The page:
LOCAL VIEW –Day Of Pure Sun–

 

How like a trickster is the April sun,
When for days it hides in purple gloom
Where a raw fog, complete with sleet, can stun
Even optimists towards discussing doom
And death, but then that same sun bounces up
On a day with no clouds. I’m made surly
And walk with a snarl to my coffee cup,
For that slap-happy sun’s suddenly early
In rising, beaming my bed so I squint.
And what’s that I hear? Summer birds singing
In the dawn? Robins are back. Shake the lint
From my brains. Prankster April is bringing
A day without clouds. A day of pure sun.
A day to make dour men remember the One.

As an old poet I’ve learned that the world of poetry is, at the very least, on a tangent point between the physical and the spiritual, and at times is farther off in an air-headed place that has so little to do with the physical that bill-collectors, and sometimes your friends and your parents and your spouse and your children may be irked by your failure to face “reality”.

What such well-meaning advisors fail to see is their “reality” is going to quit on them. We must face our worldly responsibilities, but a day will come when this world will fade. In fact it fades every day, when you go to bed exhausted. Even if you stay up to all hours doing your taxes, being very, very responsible in a worldly way, when you are utterly exhausted the world becomes utterly ungrateful, for it vanishes. But another “reality” is more faithful. Pragmatists disdain the other world as a mere “dream”.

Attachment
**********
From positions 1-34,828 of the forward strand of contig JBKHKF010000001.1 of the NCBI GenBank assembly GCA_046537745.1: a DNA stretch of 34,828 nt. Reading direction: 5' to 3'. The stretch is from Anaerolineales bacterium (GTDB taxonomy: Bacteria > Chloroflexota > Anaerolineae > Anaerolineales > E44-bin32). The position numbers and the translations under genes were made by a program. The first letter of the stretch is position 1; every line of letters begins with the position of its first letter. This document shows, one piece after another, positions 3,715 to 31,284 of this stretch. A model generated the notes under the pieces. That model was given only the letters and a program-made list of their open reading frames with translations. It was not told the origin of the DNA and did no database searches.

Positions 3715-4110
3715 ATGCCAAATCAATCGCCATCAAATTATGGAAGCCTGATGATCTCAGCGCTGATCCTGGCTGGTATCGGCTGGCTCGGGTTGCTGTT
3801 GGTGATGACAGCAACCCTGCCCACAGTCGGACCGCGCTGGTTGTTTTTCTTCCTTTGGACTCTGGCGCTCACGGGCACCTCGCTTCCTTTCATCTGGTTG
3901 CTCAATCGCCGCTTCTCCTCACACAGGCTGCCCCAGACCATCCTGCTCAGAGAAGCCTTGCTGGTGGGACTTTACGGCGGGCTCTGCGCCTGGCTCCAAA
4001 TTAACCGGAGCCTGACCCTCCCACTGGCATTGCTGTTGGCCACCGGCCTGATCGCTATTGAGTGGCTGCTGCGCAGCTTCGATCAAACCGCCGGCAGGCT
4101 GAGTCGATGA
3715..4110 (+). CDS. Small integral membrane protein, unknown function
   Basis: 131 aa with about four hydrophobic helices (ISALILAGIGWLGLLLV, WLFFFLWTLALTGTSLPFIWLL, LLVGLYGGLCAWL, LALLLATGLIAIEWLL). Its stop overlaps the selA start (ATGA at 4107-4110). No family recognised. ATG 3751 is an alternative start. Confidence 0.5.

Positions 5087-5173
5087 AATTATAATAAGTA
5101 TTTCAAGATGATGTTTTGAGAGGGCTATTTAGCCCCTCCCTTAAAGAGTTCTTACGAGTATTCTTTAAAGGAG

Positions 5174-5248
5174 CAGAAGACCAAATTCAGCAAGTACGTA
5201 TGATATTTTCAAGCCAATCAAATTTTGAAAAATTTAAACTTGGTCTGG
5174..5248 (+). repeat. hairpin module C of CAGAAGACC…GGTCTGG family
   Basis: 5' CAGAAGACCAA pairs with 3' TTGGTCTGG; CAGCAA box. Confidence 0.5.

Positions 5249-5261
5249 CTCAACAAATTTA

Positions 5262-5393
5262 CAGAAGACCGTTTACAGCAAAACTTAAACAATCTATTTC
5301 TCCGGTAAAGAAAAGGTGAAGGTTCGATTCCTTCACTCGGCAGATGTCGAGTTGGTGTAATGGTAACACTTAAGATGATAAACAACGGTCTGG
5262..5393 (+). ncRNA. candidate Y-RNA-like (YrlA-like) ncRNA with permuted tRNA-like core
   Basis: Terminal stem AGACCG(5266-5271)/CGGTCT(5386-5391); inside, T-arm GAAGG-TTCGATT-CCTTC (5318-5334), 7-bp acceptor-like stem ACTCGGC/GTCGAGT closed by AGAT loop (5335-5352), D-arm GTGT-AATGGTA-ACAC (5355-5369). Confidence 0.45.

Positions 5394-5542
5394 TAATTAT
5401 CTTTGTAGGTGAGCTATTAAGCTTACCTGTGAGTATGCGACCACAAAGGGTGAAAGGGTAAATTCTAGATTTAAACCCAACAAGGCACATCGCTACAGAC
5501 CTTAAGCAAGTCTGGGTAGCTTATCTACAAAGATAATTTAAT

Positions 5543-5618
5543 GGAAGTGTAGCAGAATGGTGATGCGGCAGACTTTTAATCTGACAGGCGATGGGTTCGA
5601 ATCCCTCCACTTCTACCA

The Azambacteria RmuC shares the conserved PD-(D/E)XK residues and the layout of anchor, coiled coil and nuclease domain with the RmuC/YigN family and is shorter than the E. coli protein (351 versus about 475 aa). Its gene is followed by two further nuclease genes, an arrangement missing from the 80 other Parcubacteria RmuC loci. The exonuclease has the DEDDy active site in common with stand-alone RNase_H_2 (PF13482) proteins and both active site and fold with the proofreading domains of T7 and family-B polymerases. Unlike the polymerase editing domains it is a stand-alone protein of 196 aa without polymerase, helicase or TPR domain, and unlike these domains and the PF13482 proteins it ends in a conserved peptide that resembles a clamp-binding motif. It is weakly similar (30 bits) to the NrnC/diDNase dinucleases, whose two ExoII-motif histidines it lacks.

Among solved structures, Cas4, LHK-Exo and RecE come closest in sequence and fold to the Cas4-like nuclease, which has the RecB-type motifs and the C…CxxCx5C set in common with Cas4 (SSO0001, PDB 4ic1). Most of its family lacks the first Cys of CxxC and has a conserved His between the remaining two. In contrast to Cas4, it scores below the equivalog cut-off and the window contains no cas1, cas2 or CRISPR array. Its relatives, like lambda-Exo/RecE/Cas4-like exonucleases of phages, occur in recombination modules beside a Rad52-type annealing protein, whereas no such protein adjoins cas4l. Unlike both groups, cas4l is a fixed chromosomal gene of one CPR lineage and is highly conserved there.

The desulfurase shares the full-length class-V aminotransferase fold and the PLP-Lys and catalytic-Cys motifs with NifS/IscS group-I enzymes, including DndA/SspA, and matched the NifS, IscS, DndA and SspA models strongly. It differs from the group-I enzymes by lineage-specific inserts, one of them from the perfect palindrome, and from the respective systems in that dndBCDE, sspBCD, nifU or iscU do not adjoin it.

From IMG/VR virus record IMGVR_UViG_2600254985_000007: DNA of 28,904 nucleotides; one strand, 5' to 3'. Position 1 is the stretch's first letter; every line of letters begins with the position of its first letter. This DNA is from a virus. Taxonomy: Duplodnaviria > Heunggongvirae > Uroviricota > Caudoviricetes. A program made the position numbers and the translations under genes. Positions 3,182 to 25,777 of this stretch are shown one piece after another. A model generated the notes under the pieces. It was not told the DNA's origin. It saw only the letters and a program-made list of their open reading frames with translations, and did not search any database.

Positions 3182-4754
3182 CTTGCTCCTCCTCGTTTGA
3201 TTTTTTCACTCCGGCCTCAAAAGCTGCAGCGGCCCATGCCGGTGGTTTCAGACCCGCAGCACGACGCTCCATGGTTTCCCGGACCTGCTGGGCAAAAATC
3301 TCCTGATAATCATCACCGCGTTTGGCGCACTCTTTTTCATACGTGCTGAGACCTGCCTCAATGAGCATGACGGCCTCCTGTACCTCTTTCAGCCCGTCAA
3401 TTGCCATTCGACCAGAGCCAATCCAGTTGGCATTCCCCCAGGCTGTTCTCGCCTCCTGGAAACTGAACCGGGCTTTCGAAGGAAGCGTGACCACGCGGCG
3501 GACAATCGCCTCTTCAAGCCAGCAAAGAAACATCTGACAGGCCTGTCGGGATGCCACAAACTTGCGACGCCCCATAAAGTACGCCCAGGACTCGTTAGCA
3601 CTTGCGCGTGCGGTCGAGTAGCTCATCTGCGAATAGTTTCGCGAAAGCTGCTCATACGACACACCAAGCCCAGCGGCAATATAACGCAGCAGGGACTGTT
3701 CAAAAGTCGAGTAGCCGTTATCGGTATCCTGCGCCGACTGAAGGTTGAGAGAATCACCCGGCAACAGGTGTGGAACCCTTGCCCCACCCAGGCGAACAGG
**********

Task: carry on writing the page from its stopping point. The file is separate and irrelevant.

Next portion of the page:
I would like to encourage young poets by telling them poetry is not a mere “dream”. You young poets have bungled into a battle which is occurring on a sphere the worldly simply can’t admit exists. Yet it does exist, and you do do battle, even if it looks like you are just sitting and nibbling an eraser.

Want proof? Consider Beethoven. Music, to physical pragmatists, is a physical reality involving sound-waves and the physical ability to hear. But Beethoven became deaf. In terms of physical pragmatism he lost all physical reasons to produce sound-waves. Yet he not only persevered with his art, but produced music most musicians confess is astounding.  This is not possible unless a non-physical reality exists.

You young poets may have been tricked into poetry because it seemed easier to daydream than face the sweat of a Real Job, but at this point I have to inform you of sad news: Worldly responsibility must be faced, even if you are a genius. As amazing as Beethoven was, he still had to come up with the rent.